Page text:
Investor focused.
Connecting People, Data, Insights

Institutional Real Estate Americas

May 2008: Vol. 20 No. 5

Buy For $150.00
Add to Cart

  • Global Puzzle: Investors Strive to Put the Pieces Together

    Nearly two-thirds of investable commercial real estate stock lies outside the United States, and these international markets are more accessible than ever. As pension funds see yields start to wane in the domestic real estate market, they will continue to wade ever deeper into the global markets.

  • Cooling Off Period: Outlook for Hospitality Sector Remains Positive, Despite Economic Downturn

    Few would argue the commercial real estate market is immune to the effects of current turmoil in the capital markets, but the lodging sector, with overall healthy fundamentals, is proving to be fairly resistant to the spreading infection of national economic woes in large part brought on by the collapse of the subprime residential mortgage industry last summer.

  • The Shape of Things to Come: Global Growth Dynamics Drive the Future of Infrastructure Investing

    Sir Winston Churchill was once quoted as saying: “In one respect a cavalry charge is very like ordinary life. So long as you are all right, firmly in your saddle, your horse in hand, and well armed, lots of enemies will give you a wide berth. But as soon as you have lost a stirrup, have a rein cut, have dropped your weapon, are wounded, or your horse is wounded, then is the moment when from all quarters enemies rush upon you.”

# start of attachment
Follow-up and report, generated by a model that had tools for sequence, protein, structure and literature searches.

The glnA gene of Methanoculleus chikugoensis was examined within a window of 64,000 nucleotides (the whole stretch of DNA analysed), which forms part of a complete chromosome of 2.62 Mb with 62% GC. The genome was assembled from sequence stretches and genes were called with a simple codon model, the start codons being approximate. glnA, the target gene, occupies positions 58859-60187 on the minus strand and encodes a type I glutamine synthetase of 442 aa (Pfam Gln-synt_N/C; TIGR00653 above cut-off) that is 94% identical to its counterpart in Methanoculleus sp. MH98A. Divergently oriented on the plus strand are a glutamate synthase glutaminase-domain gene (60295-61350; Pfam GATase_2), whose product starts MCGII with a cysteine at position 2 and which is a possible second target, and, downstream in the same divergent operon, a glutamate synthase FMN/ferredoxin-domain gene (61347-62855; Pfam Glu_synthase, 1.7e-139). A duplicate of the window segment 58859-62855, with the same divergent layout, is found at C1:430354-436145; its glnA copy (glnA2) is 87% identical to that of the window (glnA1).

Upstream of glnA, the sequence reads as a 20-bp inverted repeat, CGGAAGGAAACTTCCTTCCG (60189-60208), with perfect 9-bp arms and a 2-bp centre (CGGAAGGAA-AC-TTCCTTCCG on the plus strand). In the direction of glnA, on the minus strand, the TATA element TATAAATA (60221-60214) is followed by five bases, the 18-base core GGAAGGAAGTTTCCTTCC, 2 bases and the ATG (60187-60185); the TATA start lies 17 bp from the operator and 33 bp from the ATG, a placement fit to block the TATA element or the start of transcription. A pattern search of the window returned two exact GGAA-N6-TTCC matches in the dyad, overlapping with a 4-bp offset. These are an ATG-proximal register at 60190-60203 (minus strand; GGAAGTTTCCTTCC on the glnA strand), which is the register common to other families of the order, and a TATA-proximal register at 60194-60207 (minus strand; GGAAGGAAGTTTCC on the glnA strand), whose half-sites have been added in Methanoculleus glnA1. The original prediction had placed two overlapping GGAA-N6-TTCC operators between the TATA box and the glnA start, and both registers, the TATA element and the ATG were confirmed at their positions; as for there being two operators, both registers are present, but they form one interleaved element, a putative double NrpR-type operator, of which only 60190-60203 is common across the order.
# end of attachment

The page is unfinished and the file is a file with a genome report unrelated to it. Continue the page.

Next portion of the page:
• Anatomy of a Credit Crunch: Property Investors Will Need to Adapt to Changing Environment

    While the total loss has yet to be determined, the excesses of single-family residential lending have been largely revealed as the latest chapter in the long running story of financial structuring, inadequate regulatory oversight and myriad conflicts of interest. To some, the alchemy apparatus of Wall Street — SIVs, CDOs, MBS, etc. — were viewed as the tools of a golden age of global finance. Indeed, for a time, it seemed as though credit would expand indefinitely, risk no longer existed and the bankers that delivered this golden goose would prosper mightily.

  • Urban Renaissance: Developers and Investors Redefine City Limits

    In the late 1980s, the area south of Market Street in San Francisco was pocked with rundown warehouses and empty lots where garbage collected on street corners and transients camped. Perhaps improbably, MacFarlane Partners, an investment and development company, came in and drew up plans for a hip, vibrant neighborhood. They called it Bayside Village. Now that area is one of San Francisco’s most desirable neighborhoods — complete with a nearby baseball stadium, shops and restaurants — where a 460-square-foot studio rents for $1,670 a month.